Returning the Favor and other Slices of Life

Returning the Favor
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Wednesday, June 04, 2008

A question of style

I'm having a good time this morning actually reading about the WSOP. After spending the early morning hours writing my own recaps, I decided to take a look at what some other folks are writing. Not the bloggers, although like most people, Tao of Poker is my first stop each morning for the Pauly-tinted flavor of the WSOP. This time I took a few minutes to troll through the recaps my cohorts at PokerNews are writing.

There are three of us doing recaps so far for the WSOP - me, Amy Calistri, and Shari Geller. I was unfamiliar with Shari's work before the past few days (unless she writes somewhere else under a pseudonym, as some of us have been know to do), but am enjoying the relaxed, conversational style of her pieces. I always like reading Amy's stuff, because she's a better poker writer than I am, and I feel like whenever I take the time to read a few of her pieces, my own work gets better.

But it's been very interesting to me to note the difference in style between the three of us. After writing recaps of these events for the past year, and writing dozens of them, I've developed something of a formula. It's not exactly the inverted pyramid style that I learned in my journalism class, but it is a style that I pretty much follow each time I write a recap. The first paragraph is broad brushstrokes of the day's action, with how many people, what they're playing for, and who's ahead.

Then I move on to a chronological chronicling of the day's events, from morning to night. I try to feature 2-3 big hands and list a bunch of the notable eliminations of the day. I try to mix up the people I list as notable, because I figure everybody has their favorite pro and wants to know what happened to them.

There are a couple of ways to guarantee that you're on my list of notables - be Doyle Brunson, Johnny Chan, Phil Hellmuth, Phil Ivey or Daniel Negreanu is one of them. These guys are ridiculously popular and it would be silly not to mention them. Win the Main Event and you'll get a nod. Another way is to be part of Team PokerNews. I try to mention the people that PN sponsors, because it just makes sense. If I've met you or played with you it'll likely get your name in my recap - so Brandon Schaefer and Gavin Smith almost always get a mention. Be tight with one of my friends or room with them at the WSOP (Kristy Gazes) and it'll get you more ink from me. But I try to be fair and include as many people in my list of notables in rotation as possible, since there are so many people that can rightly be considered notable now.

After I've run through the big bustouts, I try to do a paragraph or two near the end about the players that made it through the day, and if there is anybody that makes a big surge late to pick up a bunchof chips, they go into the latter part of the article. That way as people are reading down towards the end of the article they start to see more about the folks that are left than about the folks that are gone. I do tend to finish with one big hand that happened on the last level, which usually is between someone that ended up a chip leader and some name player that is now eliminated.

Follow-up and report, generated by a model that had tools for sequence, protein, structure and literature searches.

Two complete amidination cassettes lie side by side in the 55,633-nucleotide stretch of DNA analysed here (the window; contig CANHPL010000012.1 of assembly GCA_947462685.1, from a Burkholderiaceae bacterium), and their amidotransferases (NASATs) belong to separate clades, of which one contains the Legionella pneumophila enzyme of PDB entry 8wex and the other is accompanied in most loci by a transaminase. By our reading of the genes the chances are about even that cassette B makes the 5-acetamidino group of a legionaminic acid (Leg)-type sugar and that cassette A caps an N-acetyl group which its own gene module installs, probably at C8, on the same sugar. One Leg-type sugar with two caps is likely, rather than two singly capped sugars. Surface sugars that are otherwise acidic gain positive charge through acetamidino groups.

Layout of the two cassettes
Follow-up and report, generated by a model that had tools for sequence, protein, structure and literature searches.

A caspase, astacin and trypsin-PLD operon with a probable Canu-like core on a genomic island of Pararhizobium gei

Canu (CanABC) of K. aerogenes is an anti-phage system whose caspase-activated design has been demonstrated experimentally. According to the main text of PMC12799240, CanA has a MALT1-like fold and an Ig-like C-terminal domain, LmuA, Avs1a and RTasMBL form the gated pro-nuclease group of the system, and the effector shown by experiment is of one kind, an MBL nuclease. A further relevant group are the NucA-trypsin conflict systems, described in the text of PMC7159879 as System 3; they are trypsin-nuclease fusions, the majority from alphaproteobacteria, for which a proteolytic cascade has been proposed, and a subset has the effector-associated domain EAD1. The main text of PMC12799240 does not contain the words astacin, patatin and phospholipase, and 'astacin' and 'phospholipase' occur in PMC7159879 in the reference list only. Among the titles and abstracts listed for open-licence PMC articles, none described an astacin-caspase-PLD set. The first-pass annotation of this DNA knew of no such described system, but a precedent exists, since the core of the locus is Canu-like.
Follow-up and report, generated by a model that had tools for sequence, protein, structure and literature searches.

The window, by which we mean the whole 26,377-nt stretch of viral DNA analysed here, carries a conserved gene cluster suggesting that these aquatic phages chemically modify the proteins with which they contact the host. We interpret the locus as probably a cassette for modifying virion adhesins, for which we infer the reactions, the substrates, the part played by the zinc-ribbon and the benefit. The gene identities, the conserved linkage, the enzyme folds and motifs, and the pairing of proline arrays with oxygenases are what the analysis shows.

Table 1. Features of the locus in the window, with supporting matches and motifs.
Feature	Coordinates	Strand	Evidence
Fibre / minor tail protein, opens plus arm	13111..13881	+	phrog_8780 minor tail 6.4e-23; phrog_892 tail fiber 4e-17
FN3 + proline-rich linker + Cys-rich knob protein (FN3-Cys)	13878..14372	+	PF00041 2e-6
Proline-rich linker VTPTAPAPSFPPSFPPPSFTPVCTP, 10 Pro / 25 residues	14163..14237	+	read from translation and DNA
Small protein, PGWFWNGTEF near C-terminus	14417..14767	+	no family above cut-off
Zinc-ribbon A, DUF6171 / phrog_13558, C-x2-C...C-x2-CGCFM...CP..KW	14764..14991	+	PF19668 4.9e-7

That's kinda my outline, and I think it works well. So it's interesting to me to read other people's recaps, to see how they approach the task. I find the first day of an event to be pretty easy, with the second (or intermediate on events longer than three days) to be the hardest. It's prety easy to give someone an overview of the beginning of an event and the initial flurry of action, but capturing the play from the middle of the field down to the final couple of tables is tough. It's easier when it's a small field and gets down to two tables, because then it's just all about the bustouts.

Final tables are actually the easiest to recap, because I know from the get-go who I'm writing about and honestly, there are usually fewer interesting hands at the final table. Plus I know that I'm getting all the hands, since we've got people covering every hand at the table. There aren't enough people to do that for the preliminary days, so it might happen that we just don't know about a sick beat or a great read that someone makes.

I try to make it interesting for readers, while still getting all the information across. I don't have any real journalism experience, just a few years of college newspaper feature article writing, but I think I've developed a decent feel for this work over the past year. So now I'm enjoying reading the stuff Amy and Shari are putting out there, to see the different ways in which we approach the job.   
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1 comment:

Short-Stacked Shamus said...

Interesting observations.

Am also beginning to reflect some on how these tourneys evolve into narratives -- or well-constructed "dramas" (to employ yr blog's central metaphor).